BSP shuts down Banco Filipino

- Lawrence Agcaoili -

MANILA, Philippines –  The Bangko Sentral ng Pilipinas (BSP) ordered yesterday the closure of Banco Filipino Savings and Mortgage Bank of the Aguirre family for insolvency after its liabilities overwhelmed its assets by P8.4 billion, prompting monetary authorities to prepare charges against the board of directors and officials of the bank.

At a hastily called press conference, BSP Deputy Governor Nestor Espenilla Jr. said the central bank’s seven-member Monetary Board (MB) decided yesterday to place Banco Filipino under the receivership of the state-run Philippine Deposit Insurance Corp. (PDIC).

Espenilla pointed out that Banco Filipino has insufficient realizable assets to meet its obligations, with its net realizable value at -P8.4 billion.

“Banco Filipino cannot continue in business without involving probable losses to its depositors and creditors,” Espenilla stressed.

He explained that the MB also took note of the failure of the board of directors and management of Banco Filipino to restore its financial health and viability despite considerable time given to address its financial problems.

The BSP extended P3.5-billion worth of emergency loans to Banco Filipino in 2002, of which P2.6 billion remains outstanding.

On Monday, the MB rejected Banco Filipino’s plea for another P3-billion emergency loan to cover its huge “overdraft” amounting to over P900 million.

“It has therefore decided to prohibit Banco Filipino from doing business in the Philippines and to place its assets and affairs under receivership,” he said, citing section 30 of Republic Act 7653 or the New Central Bank Act.

The decision, he said, would provide immediate relief to the bank’s 177,652 depositors.

Of the total number of depositors, Espenilla said 97 percent can be considered small depositors and covered by the deposit insurance of P500,000 each.

The BSP official said the PDIC took over the head office of Banco Filipino in Makati City yesterday afternoon to secure vital records and documents as well as prevent further dissipation of the bank’s assets.

“The BSP is coordinating closely with PDIC so that deposit insurance can be paid out as soon as possible. In this connection, the condition, coverage, and quality of the records and documents of Banco Filipino will be material in ensuring immediate service to depositors,” Espenilla said.

The BSP said depositors with balances of P5,000 and below accounting for about 53 percent of the total account holders need not file their deposit insurance claims as the PDIC would immediately process and mail payments within the week, while those with balances above P5,000 would still have to be validated and need to file their claims.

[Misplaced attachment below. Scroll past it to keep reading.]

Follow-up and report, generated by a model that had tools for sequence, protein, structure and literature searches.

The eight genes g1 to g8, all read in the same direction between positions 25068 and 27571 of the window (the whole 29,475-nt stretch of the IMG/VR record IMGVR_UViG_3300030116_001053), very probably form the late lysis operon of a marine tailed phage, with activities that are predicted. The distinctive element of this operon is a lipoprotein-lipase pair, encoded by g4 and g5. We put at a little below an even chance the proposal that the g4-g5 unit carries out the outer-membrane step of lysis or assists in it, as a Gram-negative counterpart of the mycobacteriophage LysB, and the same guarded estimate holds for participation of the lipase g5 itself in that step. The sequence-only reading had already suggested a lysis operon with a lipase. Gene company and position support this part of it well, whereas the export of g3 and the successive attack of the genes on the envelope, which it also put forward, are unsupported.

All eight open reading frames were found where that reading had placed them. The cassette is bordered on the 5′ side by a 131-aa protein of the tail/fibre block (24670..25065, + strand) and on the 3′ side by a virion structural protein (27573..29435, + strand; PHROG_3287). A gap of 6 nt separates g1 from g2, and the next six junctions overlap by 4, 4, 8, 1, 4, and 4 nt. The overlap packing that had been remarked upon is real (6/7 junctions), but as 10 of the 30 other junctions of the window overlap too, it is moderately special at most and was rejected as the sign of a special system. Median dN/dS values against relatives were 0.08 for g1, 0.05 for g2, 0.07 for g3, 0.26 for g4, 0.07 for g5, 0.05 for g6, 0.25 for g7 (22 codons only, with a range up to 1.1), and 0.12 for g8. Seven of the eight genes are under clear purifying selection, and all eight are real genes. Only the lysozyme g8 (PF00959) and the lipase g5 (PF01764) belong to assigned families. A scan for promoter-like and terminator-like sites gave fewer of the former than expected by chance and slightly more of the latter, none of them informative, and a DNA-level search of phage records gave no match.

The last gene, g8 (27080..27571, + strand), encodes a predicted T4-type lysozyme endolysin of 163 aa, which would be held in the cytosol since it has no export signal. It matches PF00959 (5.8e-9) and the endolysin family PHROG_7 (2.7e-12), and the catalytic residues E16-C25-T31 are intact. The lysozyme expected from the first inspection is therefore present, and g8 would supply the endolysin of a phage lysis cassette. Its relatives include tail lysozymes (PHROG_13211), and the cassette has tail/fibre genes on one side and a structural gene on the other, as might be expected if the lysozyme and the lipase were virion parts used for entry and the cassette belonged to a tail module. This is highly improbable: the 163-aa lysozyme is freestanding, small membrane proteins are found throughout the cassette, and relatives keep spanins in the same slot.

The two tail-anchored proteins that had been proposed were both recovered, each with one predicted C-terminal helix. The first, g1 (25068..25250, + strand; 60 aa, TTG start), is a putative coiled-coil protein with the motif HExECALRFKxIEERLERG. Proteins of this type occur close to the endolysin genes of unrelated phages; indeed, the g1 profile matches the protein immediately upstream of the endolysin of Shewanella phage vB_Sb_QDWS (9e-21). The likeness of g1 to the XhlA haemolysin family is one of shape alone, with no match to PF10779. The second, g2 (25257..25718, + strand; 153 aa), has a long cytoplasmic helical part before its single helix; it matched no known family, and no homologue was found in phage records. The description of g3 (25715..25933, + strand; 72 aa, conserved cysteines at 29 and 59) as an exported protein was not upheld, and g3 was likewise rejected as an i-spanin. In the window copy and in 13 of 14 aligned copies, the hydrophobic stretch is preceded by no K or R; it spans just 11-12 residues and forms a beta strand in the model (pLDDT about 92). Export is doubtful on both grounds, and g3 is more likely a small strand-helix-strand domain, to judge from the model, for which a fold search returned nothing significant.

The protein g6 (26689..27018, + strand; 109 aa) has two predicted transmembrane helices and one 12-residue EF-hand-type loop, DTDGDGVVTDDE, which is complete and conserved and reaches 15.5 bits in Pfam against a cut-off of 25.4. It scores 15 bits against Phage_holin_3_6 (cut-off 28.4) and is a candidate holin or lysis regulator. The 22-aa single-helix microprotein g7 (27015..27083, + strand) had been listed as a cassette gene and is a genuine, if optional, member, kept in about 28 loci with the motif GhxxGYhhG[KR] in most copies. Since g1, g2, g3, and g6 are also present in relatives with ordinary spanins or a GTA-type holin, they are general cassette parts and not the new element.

“For depositors with account balances of more than P5,000, claim forms will be distributed during Depositors’ Forums to be conducted nationwide next week. During the forums, procedures, instructions and requirements for filing claims will be discussed. The schedule for claims receiving will be announced shortly after the examination of bank records,” PDIC president Jose Nograles said in a statement.

Espenilla said the MB authorized the filing of appropriate cases against the directors, officers, and other individuals who may be found liable for violation of banking laws and BSP rules and regulations that led to the bank’s financial travails.

He revealed that Banco Filipino lost around P2 billion a year from 2007 to 2009, and P277 million every month in the first nine months of last year.

Aside from interest payments amounting to P1 billion a year, Espenilla said Banco Filipino had incurred huge expenses – P500 million for compensation, which was 2.5 times its gross income; and legal fees amounting to P131 million or about 61 percent of its gross income.

“Their expenses are way above industry levels,” he stressed.

Furthermore, he added that more than half of its outstanding loans amounting to P4.1 billion went to directors, officers, stockholders and related interest (DOSRI).

Several branches of Banco Filipino began shutting down last Tuesday after officials announced the bank was “suffering from extraordinary panic caused by a well orchestrated smear campaign, quoting BSP as the source of inaccurate and malicious imputations.”

Banco Filipino has been seeking P25-billion worth of financial assistance and regulatory relief as well as P19 billion in compensation for its alleged illegal closure in 1985.

A Makati court issued an order on Nov. 18, 2009 directing the BSP and the MB to immediately implement Banco Filipino’s approved business plan. 

Likewise, the Supreme Court also affirmed a decision by the Court of Appeals (CA) ordering a court to proceed with the P18.8-billion damage suits filed by Banco Filipino against the Central Bank Board of Liquidators (CBBoL) in connection with the bank’s closure in 1985.

The bank, with a popular slogan “Subok na Matibay, Subok na Matatag,” was founded in 1964 by Tomas Aguirre. It has 32 branches in Metro Manila and nearby areas as well as 30 branches in the provinces.

In its website, Banco Filipino claimed that it was ordered closed by the Central Bank in 1985 due to alleged insolvency despite the bank’s outstanding performance. In 1966, Banco Filipino emerged as the biggest savings bank in the country with 92 branches prior to its closure.

In 1994, the bank opened 15 of its 92 branches. It now has 62 branches nationwide.

Banco Filipino vice chairman and former Securities and Exchange Commission chairman Perfecto Yasay Jr. said he would file the necessary case against BSP.

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